President Obama's view on gay marriage: 'Evolving'

Sun. June 19, 2011 11:32 AM by News Staff

White House changes story on 1996 questionnaire published in Chicago LGBT newspaper

Washington, D.C. - President Barack Obama once wrote that he supported gay marriage, but now his aides say his view is "evolving."

When Barack Obama was running for Illinois State Senate in 1996, he responded to a questionnaire submitted to Outlines (now Windy City Times), an LGBT newspaper in Chicago, stating that, "I favor legalizing same-sex marriages, and would fight efforts to prohibit such marriages."

On Friday, President Obama's White House press secretary Dan Pfeiffer told reporters at the Netroots Nation blog conference that the 1996 questionnaire, which bears Barack Obama's signature, was "actually filled out by someone else." (Video below)

Pfeiffer was reportedly booed as he continued the public interview, stating, "The president has never favored same-sex marriage. He is against it. The country is evolving on this, and he is evolving on it."

Windy City Times publisher Tracy Baim continues to stand by the authenticity of the 1996 questionnaire.

After backlash over Pfieffer's comment, which some have called an outright lie, the White House now says that the President was expressing support for civil unions, not gay marriage, when answering the 1996 questionnaire.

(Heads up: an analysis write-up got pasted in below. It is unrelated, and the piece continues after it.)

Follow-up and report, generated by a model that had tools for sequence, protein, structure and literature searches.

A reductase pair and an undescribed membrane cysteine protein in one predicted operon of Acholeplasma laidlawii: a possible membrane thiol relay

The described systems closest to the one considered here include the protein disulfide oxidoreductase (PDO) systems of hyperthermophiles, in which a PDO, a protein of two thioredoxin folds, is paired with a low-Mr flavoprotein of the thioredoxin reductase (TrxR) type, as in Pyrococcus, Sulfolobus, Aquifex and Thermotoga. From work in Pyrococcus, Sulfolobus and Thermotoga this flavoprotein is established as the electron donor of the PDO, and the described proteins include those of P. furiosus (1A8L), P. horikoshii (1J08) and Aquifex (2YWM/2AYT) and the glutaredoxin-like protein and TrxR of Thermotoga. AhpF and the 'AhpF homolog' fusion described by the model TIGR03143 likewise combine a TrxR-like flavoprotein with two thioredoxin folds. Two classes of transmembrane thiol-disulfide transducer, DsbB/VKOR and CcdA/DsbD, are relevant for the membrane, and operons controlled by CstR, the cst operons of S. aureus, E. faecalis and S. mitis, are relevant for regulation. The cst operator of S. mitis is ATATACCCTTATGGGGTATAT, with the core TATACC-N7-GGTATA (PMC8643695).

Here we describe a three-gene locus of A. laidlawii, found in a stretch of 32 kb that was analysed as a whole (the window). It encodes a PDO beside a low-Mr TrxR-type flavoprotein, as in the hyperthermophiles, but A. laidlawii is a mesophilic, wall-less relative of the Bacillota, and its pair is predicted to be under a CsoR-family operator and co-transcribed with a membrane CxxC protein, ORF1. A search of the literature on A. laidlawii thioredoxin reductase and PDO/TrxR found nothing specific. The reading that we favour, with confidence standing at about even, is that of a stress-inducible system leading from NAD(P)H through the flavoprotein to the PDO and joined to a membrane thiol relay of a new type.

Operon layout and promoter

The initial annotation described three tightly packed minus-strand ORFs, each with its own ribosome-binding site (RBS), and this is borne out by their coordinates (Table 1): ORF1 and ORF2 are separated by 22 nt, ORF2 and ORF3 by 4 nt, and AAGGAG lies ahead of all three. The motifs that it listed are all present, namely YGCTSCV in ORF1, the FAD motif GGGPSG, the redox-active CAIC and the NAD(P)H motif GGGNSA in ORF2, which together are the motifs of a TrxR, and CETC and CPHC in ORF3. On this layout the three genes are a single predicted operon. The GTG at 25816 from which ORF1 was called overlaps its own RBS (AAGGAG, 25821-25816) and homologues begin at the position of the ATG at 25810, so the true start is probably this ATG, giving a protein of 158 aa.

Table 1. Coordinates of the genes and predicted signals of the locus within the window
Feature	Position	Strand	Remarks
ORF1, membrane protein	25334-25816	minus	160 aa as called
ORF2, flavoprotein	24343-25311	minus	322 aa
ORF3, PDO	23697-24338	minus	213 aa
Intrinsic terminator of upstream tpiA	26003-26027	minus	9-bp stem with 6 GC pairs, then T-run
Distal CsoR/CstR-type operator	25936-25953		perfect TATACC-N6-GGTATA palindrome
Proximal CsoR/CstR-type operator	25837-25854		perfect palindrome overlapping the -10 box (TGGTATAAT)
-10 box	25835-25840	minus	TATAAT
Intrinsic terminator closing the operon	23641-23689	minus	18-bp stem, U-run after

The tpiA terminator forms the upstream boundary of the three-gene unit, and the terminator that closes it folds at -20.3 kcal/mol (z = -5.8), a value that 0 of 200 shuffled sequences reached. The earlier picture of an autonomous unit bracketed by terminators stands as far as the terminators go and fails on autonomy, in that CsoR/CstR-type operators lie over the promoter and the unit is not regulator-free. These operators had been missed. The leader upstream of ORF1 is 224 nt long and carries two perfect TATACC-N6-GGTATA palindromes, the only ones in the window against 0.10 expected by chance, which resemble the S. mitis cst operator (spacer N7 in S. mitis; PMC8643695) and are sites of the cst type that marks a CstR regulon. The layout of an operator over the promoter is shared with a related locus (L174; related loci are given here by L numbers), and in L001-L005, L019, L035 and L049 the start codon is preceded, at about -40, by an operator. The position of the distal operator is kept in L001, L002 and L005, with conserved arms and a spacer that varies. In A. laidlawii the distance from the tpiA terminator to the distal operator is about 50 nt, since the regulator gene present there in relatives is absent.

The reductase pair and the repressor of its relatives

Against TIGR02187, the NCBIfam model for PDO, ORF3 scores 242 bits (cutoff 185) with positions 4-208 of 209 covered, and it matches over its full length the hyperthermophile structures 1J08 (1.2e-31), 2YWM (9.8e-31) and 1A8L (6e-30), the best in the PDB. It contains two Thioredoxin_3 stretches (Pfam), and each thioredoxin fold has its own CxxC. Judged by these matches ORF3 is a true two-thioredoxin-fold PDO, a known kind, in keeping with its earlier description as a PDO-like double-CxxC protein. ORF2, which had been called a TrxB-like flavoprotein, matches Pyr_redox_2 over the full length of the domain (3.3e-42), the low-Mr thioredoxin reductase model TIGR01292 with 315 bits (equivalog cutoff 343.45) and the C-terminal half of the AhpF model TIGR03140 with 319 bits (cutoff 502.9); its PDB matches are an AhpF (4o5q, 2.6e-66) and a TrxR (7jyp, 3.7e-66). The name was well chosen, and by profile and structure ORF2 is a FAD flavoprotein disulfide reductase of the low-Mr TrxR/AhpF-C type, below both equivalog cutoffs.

Still, as the President gets ready to host a Gay Pride event at the White House at the end of the month, and attend a "Gala With the Gay Community" this week in New York City, plenty of people want to know where he really stands.

That is especially the case in New York, where it soon might be legal for gays and lesbians to marry their partners.

Rep. Barney Frank (D-Mass.) told the New York Times that he thinks Obama supports gay marriage in principle, but doesn't think it's politically workable at this time.

"My own view is that I look at President Obama's record, he was probably inclined to think that same-sex marriage was legitimate, but as a candidate for president in 2008 that would have been an unwise thing to say. I don't mean that he's being hypocritical," Frank said.